Thursday, 22 February 2007

War Dance, It's a Sin

According to World Science, playing video games makes for good surgeons (which we already knew from watching Scrubs); archaeologists are rethinking how important the Clovis people were in Native American history; birds plan what they're going to eat (or at least scrubs do); and there's a new genetic link to autism (again). Oh, and we found some wild chimps who came up with the idea on their own of making and using spears to hunt other animals.

That's kind of big, actually. It used to be we were the only ones who made plans as a species (those scrub jays proved us wrong there). It used to be we were the only ones who built homes (bowerbirds). We were the only ones who used language- except for animals too numerous to mention. But at least, please God, we are the only ones who develop our own weapons of warfare? Please, at least we are unique in this respect?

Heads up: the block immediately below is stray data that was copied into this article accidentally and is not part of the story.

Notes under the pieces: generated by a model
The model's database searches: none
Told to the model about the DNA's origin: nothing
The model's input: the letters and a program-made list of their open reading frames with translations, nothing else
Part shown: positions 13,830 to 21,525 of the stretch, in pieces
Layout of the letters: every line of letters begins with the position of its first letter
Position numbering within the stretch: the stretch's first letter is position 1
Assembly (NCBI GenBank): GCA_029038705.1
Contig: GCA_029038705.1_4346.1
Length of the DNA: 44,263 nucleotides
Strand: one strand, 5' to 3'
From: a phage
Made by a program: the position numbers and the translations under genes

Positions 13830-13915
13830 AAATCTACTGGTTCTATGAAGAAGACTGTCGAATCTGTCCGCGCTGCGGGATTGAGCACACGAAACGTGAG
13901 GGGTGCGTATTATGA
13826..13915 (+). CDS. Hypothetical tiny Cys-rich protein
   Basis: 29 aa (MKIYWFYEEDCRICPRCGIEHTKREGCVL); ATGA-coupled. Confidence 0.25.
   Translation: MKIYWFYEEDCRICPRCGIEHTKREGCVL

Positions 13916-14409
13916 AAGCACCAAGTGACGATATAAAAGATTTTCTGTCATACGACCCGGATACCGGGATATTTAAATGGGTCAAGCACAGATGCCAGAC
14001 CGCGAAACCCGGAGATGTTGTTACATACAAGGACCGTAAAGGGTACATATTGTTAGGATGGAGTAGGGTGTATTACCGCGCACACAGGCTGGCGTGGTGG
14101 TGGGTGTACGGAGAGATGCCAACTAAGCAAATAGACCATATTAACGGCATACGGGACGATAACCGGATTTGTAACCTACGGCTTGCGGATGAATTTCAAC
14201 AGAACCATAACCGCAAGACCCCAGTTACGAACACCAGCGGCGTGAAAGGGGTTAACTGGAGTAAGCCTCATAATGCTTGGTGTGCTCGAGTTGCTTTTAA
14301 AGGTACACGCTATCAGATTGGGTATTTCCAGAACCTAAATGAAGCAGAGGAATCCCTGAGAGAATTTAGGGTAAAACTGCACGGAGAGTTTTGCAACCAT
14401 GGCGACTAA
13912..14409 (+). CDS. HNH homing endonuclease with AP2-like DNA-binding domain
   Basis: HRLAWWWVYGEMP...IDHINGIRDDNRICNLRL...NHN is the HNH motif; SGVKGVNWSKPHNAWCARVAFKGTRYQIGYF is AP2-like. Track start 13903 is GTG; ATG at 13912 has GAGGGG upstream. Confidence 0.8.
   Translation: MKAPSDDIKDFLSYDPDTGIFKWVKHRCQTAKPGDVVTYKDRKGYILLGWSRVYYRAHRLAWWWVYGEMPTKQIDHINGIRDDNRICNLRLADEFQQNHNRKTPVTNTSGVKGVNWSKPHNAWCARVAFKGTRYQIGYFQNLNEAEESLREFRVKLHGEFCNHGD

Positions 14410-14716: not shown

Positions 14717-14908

No, looks like others can do this too.
Pan troglodytes has been found doing the nasty, finding new and inventive ways to kill others. They appear to have figured this out without any human help (although room must be given for the possibility of them observing humans). This particular tribe of chimps cuts off branches, sharpens them with their teeth, and then goes on hunting parties, which are at least occasionally successful, having killed a bushbaby, a relative of the chimp. They don't just go after rats or pigs, they even attack their own relatives. Just like us. Next thing you'll know they'll be writing their own blogs.